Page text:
Toby Stephens stars as Georges Danton
On one side, you have Robespierre, "the Incorruptible". He's repressed, lacking self esteem, always on the go, and horribly virtuous. "Vice must be punished," he believes. And "virtue must rule through terror."
On the other, there's the sexy Georges Danton, always in and out of brothels, always ready with a joke and a glass of wine. But when it comes to the current state of the revolution, Danton's strangely passive. He's charismatic, and the people love him, but he's haunted by his part in the September 1792 massacres, and seems fixated with death.
In this interval-free two-hour version of Georg Büchner's political masterpiece, it's the conflict between these two characters that forms the central column around which the rest of the play is built.
Elliot Levey's Robespierre is vain, pompous and wields power like someone afraid of losing it. You get the feeling he was bullied at school. Indeed, one of his former friends, now in prison at Robespierre's request, mentions how they sat together in class and no one really spoke to Robespierre. When a man like that's in charge of the guillotine, no wonder heads are rolling.
As Danton, Toby Stephens manages to deliver a mix of off-putting arrogance in front of a crowd; pitiful guilt and remorse when he's with his wife; frustrating jocularity about death in front of his mates; and a winning streak of honest ordinary humanity in soliloquy. It's an impressive performance.
Aside from these two central characters, as you might expect from a play about the French Revolution, there's a lot of standing about and shouting in courts, conventions and chambers. It's a wordy piece. But the Olivier stage is used to nice effect with long, ominous windows reaching up into the sky, and a balcony just perfect for proclaiming rules of terror from. The guillotining at the end (we're not giving anything away - it's in the title!) will have you wondering "how did they do that?"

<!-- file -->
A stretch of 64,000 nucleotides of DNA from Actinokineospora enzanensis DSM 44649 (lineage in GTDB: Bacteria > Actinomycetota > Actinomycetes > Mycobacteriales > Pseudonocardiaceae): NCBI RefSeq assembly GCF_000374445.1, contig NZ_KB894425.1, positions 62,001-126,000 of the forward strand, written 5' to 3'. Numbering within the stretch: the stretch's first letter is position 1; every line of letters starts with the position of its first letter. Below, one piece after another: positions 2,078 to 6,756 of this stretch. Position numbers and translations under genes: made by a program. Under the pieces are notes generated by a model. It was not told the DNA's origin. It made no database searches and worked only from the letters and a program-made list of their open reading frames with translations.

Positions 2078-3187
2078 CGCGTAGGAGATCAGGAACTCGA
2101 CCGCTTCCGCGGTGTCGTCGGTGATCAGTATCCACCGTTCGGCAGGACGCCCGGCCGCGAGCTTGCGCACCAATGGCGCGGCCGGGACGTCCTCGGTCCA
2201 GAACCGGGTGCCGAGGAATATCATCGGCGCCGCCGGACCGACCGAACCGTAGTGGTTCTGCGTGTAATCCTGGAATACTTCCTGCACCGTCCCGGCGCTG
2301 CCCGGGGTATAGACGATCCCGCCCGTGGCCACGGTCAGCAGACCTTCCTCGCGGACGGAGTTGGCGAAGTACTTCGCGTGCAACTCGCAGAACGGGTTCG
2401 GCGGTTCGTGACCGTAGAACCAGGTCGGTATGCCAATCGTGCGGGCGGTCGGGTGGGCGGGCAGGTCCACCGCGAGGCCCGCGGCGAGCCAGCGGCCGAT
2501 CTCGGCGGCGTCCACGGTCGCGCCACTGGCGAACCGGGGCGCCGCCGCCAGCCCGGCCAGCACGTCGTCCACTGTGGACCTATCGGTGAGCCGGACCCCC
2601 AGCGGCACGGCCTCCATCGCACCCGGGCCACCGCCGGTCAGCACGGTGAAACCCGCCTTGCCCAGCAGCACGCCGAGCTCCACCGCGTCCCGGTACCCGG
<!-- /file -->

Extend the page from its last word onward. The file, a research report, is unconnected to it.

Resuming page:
We left thinking about the play's resonances today: the dangers of radicalism, splits in coalitions, wars on terror, people achieving celeb status, then wishing they could somehow switch fame off. And the arching timelessness of it too: fear of dying and death, and the "terrible fatalism of history," as Büchner says.
Or, as Danton puts it, the fact that "history has a way of biting you on the arse."
Danton's Death is booking at the National Theatre until 14 October. It's part of the Travelex £10 season, so you can get tickets for a tenner. Call 0207 452 3000 for tickets, or visit www.nationaltheatre.org.uk for more info.